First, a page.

This year’s Super Bowl spots may have been full of nostalgia, silly humor and celebrities, but they still lacked in diversity, according to new research from Deloitte Digital’s Heat.
The agency analysed the big game commercials over the weekend using its "Heat Test," a proprietary diversity ad score process that launched last fall. According to its research, which includes the examination of 75 key metrics, Super Bowl ads were 7 percent less diverse on average than ads that run throughout the year.
The test measures eight key metrics: People of color, women, LGBTQ, age, ethnicity, socio-economic class, disability and religion.
Additionally, the research, led by Heat Head of Strategy Maggie Gross and Strategist Lindsay Wade, revealed that the auto and finance industries continue to have the highest average Heat Test scores. The test also showed that celebrity appearances have a slight correlation with high Heat Test scores, which means that celebrities actually help boost diversity scores.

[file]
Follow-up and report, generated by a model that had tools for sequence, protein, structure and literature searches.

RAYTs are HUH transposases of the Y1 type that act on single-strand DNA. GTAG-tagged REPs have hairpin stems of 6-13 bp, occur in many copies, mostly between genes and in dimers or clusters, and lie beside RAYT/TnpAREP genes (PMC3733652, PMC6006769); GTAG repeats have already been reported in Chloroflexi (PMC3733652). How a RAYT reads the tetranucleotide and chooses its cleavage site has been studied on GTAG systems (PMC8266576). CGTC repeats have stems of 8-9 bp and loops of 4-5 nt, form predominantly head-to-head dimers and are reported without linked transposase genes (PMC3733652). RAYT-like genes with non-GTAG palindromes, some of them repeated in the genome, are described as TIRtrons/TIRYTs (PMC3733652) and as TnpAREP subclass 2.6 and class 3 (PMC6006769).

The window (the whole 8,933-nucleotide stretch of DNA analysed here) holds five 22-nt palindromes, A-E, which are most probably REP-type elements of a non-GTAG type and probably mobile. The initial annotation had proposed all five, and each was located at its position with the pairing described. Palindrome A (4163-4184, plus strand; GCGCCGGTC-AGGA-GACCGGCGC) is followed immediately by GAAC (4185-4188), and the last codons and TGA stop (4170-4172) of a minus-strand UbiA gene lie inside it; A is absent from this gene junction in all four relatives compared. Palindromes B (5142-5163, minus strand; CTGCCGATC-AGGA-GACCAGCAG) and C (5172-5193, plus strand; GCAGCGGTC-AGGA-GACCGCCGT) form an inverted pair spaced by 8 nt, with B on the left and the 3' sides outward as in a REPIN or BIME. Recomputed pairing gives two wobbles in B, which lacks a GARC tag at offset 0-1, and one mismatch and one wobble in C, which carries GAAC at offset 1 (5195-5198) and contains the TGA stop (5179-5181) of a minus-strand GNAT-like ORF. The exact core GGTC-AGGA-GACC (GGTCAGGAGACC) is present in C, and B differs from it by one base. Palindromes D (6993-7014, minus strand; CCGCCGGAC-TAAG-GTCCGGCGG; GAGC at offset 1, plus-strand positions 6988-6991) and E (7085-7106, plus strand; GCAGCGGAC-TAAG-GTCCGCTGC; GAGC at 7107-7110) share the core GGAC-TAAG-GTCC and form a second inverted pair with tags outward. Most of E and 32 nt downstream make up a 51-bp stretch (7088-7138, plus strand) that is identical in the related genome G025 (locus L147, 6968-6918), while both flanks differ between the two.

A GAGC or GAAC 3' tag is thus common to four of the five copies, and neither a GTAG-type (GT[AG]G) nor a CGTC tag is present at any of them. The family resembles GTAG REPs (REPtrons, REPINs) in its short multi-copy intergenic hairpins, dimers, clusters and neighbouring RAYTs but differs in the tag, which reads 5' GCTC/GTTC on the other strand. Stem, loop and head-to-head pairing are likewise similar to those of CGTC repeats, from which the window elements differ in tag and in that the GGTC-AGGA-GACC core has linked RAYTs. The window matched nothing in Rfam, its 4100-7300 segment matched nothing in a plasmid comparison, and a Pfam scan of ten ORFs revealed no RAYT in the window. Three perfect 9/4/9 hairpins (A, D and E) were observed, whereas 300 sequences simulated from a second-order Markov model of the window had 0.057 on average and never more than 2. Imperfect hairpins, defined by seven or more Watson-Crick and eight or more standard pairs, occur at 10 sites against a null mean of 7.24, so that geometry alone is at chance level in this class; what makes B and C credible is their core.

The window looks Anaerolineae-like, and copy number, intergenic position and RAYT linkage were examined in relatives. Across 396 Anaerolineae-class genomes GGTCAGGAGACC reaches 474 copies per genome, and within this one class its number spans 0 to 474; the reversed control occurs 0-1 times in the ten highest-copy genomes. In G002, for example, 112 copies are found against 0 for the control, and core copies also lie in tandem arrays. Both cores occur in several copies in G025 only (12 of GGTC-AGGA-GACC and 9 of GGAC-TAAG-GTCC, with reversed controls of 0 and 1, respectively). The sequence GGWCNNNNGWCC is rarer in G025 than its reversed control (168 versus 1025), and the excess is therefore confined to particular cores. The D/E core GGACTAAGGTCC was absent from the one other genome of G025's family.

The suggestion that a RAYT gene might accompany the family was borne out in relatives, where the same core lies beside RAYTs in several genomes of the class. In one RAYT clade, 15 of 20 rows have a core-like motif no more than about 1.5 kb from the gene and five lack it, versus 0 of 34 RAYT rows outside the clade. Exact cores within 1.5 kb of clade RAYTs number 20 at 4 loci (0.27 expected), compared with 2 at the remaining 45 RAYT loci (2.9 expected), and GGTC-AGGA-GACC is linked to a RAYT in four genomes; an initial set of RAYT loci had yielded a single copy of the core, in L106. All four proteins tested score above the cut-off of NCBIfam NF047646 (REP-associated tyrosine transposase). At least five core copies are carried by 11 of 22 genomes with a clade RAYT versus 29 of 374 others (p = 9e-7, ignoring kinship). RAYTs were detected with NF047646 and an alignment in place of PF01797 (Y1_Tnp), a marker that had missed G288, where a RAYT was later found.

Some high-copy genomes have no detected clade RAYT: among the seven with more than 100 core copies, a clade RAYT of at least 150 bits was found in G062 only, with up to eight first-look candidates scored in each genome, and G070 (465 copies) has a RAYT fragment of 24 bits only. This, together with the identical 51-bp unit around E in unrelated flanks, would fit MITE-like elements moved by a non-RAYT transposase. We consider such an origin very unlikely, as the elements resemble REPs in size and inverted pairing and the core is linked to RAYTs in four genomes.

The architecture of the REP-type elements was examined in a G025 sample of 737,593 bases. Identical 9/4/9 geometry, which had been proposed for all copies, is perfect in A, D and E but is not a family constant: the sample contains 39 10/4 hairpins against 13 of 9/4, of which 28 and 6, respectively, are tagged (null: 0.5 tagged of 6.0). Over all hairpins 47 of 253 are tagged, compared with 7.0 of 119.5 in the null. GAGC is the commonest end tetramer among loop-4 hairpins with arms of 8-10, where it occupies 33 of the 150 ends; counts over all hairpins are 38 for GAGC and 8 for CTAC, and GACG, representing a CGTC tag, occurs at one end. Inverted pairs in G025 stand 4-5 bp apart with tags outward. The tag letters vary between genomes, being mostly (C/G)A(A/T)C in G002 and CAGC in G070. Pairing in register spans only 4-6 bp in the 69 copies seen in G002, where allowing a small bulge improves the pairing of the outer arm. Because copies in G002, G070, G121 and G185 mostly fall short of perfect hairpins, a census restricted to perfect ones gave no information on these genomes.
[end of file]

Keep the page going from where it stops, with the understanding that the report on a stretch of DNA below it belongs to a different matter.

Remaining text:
Consumer packaged goods and technology industries had the lowest scores despite higher diversity in audiences for CPG brands, with women making up 70 to 80 percent of CPG purchases, the research stated.
According to "The Heat Test," the majority of brands (69 percent) with ads that represent diverse individuals in a three-dimensional way, rather than relying on stereotypes see better performances on their stock prices.
(This article first appeared on CampaignLive.com)